CURRENT ISSUE | SPRING 2017: STRUCTURES
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Must-Sees

Must-Sees This Week: April 6 to 12, 2017

Acclaimed Inuit artist Ningeokuluk Teevee’s drawings and ink works open in her first solo exhibition in Victoria; this and more in this week’s must-sees

Lots of great art exhibitions and events are taking place across the country this week. Here are our recommendations for debuting shows and events, and a few reminders about shows that are closing. Visit our Exhibition Finder for even more worthwhile shows that are already open.

Victoria

Cape Dorset–born Inuit artist and children’s book writer Ningeokuluk Teevee will have her first solo exhibition in Victoria at Madrona Gallery on April 8, with a reception from 1 to 4 p.m. The show brings together her most recent works using imagery from Inuit folklore and humorous visuals from Inuit life in contemporary Nunavut. “Warrior,” George Littlechild’s new series of 10 portraits of First Nations icons, protecting land, resources and communities, will be on view at the Kimoto Gallery starting April 8.

Calgary

The New Gallery presents “Mingling with flowers panthers’ eyes,” geetha thurairajah’s solo exhibition of paintings exploring the gaps and intersections between the artist’s Sri Lankan cultural heritage and the art historical canon, on April 7 at 8 p.m. On April 8 at 2 p.m., Trépanier Baer Gallery hosts the opening of an exhibit of new works by Étienne Zack in their viewing room, while a group show by gallery artists opens up in the main space.

Public artists Katie Green and daniel j. kirk will be leading a community workshop titled “The Imaginarium,” inviting participants to share their stories about the King Edward School and Marda Loop’s neighbourhoods, at the north-east entrance of cSPACE King Edward on April 8 from noon to 2 p.m. and 2:30 to 5 p.m. For the little ones: Esker Foundation hosts a baby-friendly tour of their current exhibitions on April 7 beginning at 12 p.m. 

London

Ashleigh Bartlett’s anthropomorphic paintings go on view in “Reddish” in Michael Gibson Gallery beginning April 6 at 8 p.m.

Winnipeg

Urban Shaman Contemporary hosts “A Place Between – A 60’s Scoop Arts Project,” showcasing works by more than 20 contemporary Indigenous artists, ranging from performance to writing to film, on April 7, with a reception from 5 to 11 p.m. The opening will feature performances by Jesse McMann, Shayla Elizabeth and Billy Joe Green. This will be followed by an artist talk, gathering and a feast for adoptees and the public, along with a reading by Beverley McKiver and Lesley Parlane from Voices from the Adoption Files: a glimpse into the 60’s scoop phenomenon, on April 8 at 3 p.m.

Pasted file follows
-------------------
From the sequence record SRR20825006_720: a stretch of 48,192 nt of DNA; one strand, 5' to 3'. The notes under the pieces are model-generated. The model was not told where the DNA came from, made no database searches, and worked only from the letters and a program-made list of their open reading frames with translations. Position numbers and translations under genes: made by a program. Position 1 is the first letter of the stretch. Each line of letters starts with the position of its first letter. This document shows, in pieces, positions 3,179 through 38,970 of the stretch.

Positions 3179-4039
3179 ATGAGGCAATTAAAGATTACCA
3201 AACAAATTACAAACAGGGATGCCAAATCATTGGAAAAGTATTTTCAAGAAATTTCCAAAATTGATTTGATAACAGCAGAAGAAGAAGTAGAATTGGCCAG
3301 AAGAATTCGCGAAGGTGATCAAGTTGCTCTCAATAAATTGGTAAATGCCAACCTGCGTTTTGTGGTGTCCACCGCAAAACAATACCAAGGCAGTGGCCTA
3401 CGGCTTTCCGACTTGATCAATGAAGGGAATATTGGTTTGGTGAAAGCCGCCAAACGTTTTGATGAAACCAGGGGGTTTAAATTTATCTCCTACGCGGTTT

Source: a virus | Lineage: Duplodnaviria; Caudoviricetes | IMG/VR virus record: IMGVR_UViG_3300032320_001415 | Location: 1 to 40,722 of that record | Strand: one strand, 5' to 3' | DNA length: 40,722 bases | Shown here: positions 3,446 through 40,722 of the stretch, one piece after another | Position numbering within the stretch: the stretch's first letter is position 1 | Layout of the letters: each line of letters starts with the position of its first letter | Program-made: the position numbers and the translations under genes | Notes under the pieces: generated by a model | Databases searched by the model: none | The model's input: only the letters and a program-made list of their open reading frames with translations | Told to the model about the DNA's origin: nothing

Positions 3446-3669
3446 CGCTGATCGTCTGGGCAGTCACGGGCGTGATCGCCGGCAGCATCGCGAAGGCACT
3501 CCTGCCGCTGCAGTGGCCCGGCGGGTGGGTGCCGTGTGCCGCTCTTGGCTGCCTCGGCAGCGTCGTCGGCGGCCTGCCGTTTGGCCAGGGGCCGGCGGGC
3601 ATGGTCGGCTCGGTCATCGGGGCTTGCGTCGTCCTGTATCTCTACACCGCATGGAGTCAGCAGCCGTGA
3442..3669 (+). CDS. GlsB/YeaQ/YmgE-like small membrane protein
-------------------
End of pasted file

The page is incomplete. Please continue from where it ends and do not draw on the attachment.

Two exhibitions open at Platform on April 7: “Epic Fail,” a group show featuring the work of Emily Goodden, Divya Mehra and Jon Sasaki, kicks off at 7 p.m. followed by an exhibition tour on April 8 at 2 p.m. In partnership with WNDX Festival of Moving Image, Life of a Craphead’s Bugs, a 72-minute film-based collaboration with a cast and crew of comedians by Toronto-based artists Amy Lam and John McCurley, begins showing on April 7, with daily screenings at the gallery and an evening screening on April 18 at 7 p.m. in the Cinematheque.

Peterborough

Evans Contemporary presents “City,” a solo exhibition of New York artist William Carroll’s paintings on paper and canvas, which feature silhouettes of urban landscapes, with a reception on April 7 from 6 p.m.

Ottawa

Studio Sixty Six opens “Present Tense,” a group exhibition featuring Kosisochukwu Nnebe, Guillermo Trejo and Florence Yee, with works exploring ideas of cultural meaning and the notion of a “postcolonial” Canadian community, on April 6 with a reception from 6 p.m. The National Gallery of Canada, in the Canadian Photography Institute galleries, hosts two new exhibitions that deal with photography beginning on April 7: “Photography in Canada, 1960-2000,” which features over 100 photographs by 71 artists, including Angela Grauerholz and Suzy Lake; and “PhotoLab2: Women Speaking Art,” a group show of photographic and video-based works by women artists including Shelley Niro, Lisa Steele and Lorna Simpson.

Vancouver

Field Contemporary presents the opening reception for “Rehearsal for a Synthetic Theatre,” featuring works by Tom Richardson, on April 6 from 7 to 10 p.m.